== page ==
Why aren’t you drinking? That can be one of the most socially terrifying questions for someone in recovery. Social drinking is common in many cultures and environments. The scrutiny aimed toward those who do not drink can feel palpable, particularly if you formerly participated. Preparing to manage these questions in your own way is crucial for you as you seek to maintain your sobriety.
The Dreaded Questions
There are enough questions and anxieties surrounding social gatherings—what to wear, what to say, how to behave. When there is alcohol involved, and you are now sober, the anxiety about what people might ask you or say can be off the charts. This is especially true when you are newly sober or have not addressed your sobriety with family, co-workers or friends.
You have no control over what questions others will ask, when they will ask them, or who will ask questions about your lack of drinking. What you do have control over is your preparation for these dreaded situations and how you are able to respond when they happen.
Preparing for the Worst
When you have any type of anxiety about future events, a great exercise is to literally consider the very worst-case scenario. Imagine the worst person, the worst timing, and the worst question you could be asked about not drinking. What would the worst outcome be from that scenario? Would you survive? What would be the worst consequences?
Do not forget to consider that all of your worrying could be in vain. You should also consider the best possible scenario. What if no one says anything? What if no one even notices that you are not drinking? Reality will likely land somewhere between your worst and best-case scenarios, but thinking about the best and worst situations that could happen will help you be prepared for whatever comes.
Choosing Answers That Are Right for You
When it comes to knowing what to say if someone asks you questions about your sobriety, there are not really any specific right or wrong answers. Your sobriety is your business, and if you want to talk about it, great. If not, that is within your right, too. However, if the dreaded questions come, it is good to have some idea of how you want to answer them. Here are a few ideas about different approaches:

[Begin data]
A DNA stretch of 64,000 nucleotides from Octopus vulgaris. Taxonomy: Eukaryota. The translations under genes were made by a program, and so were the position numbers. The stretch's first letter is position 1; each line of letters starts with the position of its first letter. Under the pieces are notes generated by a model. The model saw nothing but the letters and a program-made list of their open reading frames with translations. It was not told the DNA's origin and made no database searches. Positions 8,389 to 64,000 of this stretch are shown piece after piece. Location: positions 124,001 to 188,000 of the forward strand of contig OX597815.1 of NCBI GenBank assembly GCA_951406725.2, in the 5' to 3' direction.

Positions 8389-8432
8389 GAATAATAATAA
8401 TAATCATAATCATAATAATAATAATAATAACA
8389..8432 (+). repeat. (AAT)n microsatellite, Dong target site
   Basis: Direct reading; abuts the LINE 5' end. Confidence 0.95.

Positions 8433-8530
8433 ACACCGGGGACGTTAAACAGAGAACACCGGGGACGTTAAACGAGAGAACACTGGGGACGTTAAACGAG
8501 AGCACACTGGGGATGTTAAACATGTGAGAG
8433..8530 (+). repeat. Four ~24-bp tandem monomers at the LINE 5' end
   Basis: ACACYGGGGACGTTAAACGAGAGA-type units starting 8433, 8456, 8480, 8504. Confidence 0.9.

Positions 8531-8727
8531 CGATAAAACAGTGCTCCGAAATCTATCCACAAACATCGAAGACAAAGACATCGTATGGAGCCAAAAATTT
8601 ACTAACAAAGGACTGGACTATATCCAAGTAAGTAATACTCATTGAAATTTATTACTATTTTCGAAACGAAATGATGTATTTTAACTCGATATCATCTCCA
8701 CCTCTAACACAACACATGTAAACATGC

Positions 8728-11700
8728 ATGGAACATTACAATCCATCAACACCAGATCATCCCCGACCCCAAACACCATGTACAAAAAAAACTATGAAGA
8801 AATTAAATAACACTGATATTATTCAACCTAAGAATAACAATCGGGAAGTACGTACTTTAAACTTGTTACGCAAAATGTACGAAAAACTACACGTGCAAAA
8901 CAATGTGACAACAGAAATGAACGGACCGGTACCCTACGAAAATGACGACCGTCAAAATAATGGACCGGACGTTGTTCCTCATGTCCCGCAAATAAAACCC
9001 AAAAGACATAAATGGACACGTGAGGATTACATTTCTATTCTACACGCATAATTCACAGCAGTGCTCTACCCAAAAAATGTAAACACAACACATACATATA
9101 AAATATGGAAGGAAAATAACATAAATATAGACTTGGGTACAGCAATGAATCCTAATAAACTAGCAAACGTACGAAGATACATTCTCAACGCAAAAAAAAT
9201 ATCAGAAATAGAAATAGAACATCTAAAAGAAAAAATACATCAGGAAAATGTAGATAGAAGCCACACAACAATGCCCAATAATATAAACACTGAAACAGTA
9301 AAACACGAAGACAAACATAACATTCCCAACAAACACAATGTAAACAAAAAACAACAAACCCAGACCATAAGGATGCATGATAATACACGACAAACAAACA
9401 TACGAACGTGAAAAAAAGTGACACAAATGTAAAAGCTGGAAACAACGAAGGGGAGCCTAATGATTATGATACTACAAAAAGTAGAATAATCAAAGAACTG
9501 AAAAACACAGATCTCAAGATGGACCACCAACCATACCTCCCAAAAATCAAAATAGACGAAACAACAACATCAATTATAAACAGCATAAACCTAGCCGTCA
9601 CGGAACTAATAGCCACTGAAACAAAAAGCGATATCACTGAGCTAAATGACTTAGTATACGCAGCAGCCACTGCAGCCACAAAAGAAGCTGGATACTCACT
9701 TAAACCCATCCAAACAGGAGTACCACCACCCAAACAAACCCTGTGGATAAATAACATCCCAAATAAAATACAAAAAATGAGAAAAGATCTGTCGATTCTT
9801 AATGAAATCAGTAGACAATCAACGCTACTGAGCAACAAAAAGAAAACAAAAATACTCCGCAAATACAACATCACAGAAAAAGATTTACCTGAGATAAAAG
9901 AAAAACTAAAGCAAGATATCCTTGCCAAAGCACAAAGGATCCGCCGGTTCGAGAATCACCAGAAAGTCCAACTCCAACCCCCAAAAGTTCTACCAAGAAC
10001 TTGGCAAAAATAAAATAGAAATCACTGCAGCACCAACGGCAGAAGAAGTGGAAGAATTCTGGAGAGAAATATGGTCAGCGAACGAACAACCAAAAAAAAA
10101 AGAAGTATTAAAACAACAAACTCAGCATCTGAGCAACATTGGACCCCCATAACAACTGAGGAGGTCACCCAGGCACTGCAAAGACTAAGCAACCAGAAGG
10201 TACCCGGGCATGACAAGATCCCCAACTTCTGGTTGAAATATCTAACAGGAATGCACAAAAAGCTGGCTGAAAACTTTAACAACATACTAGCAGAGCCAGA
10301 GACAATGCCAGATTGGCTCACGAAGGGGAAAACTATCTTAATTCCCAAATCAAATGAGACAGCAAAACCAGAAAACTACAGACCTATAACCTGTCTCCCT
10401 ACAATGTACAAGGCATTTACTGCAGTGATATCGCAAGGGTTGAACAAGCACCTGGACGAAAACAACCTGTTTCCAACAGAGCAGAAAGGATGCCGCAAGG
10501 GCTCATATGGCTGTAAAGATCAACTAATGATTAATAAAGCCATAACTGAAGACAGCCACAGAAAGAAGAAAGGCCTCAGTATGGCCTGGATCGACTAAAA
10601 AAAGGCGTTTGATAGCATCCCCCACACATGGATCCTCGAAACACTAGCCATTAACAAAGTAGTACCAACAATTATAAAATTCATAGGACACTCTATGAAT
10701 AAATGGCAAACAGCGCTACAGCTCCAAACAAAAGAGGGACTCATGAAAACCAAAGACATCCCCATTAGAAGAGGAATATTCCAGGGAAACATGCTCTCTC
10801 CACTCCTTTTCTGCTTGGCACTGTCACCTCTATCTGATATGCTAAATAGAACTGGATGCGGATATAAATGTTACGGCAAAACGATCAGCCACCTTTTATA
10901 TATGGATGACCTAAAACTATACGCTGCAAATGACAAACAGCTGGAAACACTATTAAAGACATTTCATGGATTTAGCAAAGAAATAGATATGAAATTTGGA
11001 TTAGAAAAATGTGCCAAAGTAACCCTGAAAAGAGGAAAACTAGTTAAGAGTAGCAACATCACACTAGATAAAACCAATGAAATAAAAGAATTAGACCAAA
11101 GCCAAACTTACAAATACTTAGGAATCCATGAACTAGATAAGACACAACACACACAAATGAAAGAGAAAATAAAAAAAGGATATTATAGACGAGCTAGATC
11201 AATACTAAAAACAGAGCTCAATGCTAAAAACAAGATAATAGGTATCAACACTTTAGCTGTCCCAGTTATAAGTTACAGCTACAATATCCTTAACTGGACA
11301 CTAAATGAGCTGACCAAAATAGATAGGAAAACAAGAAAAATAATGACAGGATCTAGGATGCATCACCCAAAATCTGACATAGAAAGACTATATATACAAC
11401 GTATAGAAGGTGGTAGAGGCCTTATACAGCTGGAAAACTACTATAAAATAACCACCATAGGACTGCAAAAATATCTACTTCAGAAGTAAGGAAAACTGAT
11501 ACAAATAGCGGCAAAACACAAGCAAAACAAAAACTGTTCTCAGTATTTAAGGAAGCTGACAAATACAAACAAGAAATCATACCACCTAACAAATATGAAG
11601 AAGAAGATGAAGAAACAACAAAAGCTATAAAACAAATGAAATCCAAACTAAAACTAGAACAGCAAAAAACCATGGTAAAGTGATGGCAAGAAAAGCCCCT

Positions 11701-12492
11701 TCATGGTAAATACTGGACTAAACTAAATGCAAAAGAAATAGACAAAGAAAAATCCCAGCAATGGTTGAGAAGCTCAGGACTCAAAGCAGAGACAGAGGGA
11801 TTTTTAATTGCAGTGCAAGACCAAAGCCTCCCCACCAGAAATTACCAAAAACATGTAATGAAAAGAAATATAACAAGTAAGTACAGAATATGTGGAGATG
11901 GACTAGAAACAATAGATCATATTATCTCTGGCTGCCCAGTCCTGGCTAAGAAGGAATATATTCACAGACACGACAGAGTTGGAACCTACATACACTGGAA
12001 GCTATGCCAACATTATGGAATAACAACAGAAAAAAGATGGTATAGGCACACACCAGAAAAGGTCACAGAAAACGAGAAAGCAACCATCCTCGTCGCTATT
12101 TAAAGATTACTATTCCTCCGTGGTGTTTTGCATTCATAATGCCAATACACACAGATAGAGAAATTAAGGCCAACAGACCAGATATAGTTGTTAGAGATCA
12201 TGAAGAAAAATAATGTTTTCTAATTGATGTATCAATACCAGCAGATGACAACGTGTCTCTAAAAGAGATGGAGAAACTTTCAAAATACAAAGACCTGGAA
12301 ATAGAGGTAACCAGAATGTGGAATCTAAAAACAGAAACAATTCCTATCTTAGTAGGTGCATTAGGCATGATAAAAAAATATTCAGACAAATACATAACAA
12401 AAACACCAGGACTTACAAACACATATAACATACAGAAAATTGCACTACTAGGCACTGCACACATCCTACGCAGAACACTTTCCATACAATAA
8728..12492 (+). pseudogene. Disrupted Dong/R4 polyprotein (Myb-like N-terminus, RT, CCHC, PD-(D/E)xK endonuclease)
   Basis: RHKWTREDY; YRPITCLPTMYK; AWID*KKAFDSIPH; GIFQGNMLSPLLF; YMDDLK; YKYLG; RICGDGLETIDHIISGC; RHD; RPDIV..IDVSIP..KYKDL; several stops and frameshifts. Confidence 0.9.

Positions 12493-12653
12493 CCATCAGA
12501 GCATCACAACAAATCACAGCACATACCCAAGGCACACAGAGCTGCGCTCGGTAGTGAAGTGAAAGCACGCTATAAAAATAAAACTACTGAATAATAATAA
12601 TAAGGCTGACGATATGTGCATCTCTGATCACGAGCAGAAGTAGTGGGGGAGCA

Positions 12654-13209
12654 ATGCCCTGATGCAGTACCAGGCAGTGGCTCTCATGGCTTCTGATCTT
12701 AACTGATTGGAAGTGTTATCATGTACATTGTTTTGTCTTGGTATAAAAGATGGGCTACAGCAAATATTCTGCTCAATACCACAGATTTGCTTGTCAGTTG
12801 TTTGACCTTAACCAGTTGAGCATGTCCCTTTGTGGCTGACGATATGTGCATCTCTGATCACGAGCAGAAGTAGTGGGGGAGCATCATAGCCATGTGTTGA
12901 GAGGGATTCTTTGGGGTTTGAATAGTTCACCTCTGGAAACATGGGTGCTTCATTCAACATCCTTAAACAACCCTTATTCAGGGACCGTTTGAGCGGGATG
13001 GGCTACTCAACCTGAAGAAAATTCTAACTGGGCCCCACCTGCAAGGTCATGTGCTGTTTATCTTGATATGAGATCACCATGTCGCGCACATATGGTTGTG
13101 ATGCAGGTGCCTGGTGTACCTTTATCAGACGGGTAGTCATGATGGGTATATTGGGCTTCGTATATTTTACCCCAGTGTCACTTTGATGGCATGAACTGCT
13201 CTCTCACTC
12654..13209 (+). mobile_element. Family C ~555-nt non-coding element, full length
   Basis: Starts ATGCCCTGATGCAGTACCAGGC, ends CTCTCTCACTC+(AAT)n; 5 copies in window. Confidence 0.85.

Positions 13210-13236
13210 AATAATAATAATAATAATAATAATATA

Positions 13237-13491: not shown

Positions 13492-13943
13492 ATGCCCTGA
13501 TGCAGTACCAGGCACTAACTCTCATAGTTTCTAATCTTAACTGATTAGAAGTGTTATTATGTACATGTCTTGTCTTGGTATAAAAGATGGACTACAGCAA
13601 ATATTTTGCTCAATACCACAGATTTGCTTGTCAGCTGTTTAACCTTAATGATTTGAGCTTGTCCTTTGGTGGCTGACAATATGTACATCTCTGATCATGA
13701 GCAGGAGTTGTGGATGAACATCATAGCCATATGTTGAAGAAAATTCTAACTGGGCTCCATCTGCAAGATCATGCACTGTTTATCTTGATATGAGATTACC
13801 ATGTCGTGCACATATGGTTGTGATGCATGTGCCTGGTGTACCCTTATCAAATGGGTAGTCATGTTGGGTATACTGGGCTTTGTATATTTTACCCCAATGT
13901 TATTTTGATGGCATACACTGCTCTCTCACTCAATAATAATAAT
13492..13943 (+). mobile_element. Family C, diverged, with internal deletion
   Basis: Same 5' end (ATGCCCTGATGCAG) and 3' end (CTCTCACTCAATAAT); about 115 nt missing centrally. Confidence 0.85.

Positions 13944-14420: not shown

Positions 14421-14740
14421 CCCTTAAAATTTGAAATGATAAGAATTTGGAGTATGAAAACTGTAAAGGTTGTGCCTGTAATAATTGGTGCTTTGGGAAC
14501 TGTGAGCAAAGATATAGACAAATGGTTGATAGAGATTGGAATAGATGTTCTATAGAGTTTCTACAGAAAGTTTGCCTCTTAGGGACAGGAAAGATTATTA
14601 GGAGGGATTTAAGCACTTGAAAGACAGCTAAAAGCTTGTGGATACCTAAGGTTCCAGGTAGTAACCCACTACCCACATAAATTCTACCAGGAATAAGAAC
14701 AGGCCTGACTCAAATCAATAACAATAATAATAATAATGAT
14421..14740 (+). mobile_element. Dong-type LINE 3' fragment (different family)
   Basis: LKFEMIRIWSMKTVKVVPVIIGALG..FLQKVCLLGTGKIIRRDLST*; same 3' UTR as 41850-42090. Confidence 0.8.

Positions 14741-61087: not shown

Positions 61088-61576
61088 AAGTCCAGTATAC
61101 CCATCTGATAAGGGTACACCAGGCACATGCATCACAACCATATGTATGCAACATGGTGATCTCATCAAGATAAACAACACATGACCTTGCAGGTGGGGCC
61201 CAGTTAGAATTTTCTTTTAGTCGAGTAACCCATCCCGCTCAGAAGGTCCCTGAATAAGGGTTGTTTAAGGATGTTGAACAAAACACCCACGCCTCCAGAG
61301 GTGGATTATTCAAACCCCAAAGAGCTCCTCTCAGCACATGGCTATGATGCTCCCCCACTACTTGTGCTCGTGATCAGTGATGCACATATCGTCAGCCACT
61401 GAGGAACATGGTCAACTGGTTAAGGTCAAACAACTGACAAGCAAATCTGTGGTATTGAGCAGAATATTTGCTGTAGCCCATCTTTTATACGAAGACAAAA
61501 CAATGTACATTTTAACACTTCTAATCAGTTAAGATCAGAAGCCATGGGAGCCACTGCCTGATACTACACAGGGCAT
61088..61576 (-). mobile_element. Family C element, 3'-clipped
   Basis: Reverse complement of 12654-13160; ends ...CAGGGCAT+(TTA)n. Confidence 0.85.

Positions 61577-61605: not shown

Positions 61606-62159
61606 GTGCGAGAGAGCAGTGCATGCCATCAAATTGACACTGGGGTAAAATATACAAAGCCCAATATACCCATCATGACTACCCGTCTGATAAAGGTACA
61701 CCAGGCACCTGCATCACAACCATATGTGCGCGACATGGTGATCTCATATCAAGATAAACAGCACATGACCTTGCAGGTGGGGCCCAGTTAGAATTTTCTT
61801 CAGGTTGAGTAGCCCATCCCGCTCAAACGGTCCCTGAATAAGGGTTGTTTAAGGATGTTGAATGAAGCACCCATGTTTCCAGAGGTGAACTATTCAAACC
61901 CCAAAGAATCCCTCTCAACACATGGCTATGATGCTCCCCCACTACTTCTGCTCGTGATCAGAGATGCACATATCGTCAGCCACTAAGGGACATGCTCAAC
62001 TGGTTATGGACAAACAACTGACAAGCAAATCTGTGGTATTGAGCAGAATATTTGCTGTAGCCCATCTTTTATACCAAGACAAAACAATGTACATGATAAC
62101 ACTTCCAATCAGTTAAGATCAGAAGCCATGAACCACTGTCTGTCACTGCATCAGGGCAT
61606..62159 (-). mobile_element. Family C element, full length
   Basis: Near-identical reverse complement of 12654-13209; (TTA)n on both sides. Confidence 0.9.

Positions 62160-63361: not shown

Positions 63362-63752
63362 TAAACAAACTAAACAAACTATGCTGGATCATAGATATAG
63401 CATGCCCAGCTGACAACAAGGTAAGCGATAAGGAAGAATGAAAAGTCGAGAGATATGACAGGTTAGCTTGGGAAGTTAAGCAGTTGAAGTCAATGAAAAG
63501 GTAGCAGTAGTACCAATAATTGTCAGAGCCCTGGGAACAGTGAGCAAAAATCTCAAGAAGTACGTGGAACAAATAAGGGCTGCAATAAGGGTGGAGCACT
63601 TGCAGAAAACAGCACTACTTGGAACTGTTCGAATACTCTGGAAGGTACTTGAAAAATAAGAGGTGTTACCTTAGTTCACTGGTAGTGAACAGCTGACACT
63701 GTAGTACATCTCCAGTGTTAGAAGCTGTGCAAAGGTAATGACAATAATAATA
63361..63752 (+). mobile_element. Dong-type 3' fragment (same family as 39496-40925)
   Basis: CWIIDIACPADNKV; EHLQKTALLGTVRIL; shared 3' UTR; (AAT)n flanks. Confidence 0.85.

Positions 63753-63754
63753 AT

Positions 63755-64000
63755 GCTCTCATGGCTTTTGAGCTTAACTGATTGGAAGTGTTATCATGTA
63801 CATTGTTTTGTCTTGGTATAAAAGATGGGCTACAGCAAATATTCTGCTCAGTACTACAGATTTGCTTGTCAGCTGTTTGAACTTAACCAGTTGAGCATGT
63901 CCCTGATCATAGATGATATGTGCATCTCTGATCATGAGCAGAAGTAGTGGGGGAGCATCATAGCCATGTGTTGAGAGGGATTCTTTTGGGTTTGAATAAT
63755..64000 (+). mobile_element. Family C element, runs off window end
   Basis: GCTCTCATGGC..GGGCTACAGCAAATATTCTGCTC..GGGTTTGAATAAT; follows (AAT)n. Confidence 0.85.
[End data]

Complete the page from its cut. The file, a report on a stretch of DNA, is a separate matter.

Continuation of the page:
- Simple and polite – A simple, short, but not rude reply such as “I don’t feel like drinking tonight” can be an easy response that is easy to remember.
- Least informative – “I don’t drink anymore” does not lend itself to a lot of follow-up questions in moderately formal to formal situations, thus not requiring further disclosure.
- Humorous – “I thought I’d save more for you” or some other humorous response can lighten the mood and deflect the attention away from your personal business.
- Serious – “I am in recovery.” You never know who else may be in recovery in that same setting and may appreciate your simple honesty, if you so choose.
Knowing What Is Appropriate for the Situation
However you choose to respond to any questions that come your way is your choice, but these may differ based on where you are and who you are with. For example, if your boss asks you why you refused a glass of champagne at a company dinner or party, you may not want to go into details about your life of substance abuse, treatment, and recovery. There are plenty of people who do not drink alcohol, and simply replying that you do not drink is appropriate.
If you are in a more intimate setting with family or friends that you know well and trust, being asked about not drinking may give you the perfect opportunity to share with them your experiences. This can allow them the chance to offer support as well. How and where you choose to talk about your sobriety is based on many factors.
Being Comfortable With Your Choices
However and whatever you choose to answer about why you are no longer drinking, the most important factor is that you are comfortable. Do not allow others to pressure you to disclose more information than you want to, but do not be afraid to tell your story, either.
You being willing to open up about your sobriety may inspire someone else to enter into treatment or may encourage them to share their recovery story as well. Being comfortable with your disclosures will help you to be more comfortable with your recovery and help you avoid a relapse as well.
Questions surrounding your sobriety are likely to come up at some point, so it is best to prepare yourself for how you want to respond to them. Whether you give the least possible information, use humor, or are willing to share your story depends on you and also the situation you are in. Don’t be afraid to open up if you feel like you can because you could help others. At New Life, we have dedicated our lives to helping others recover from drug and alcohol addiction. Our staff offer services with compassion and experience. Our Maryland Outpatient Treatment Program offers treatment for substance abuse in both outpatient and intensive outpatient programs. We offer everything you need for treatment under one roof and work to connect you with the community to help your continued recovery process after initial treatment. Call us at (877) 929-2571 to learn more about the benefits of outpatient treatment for drugs and alcohol.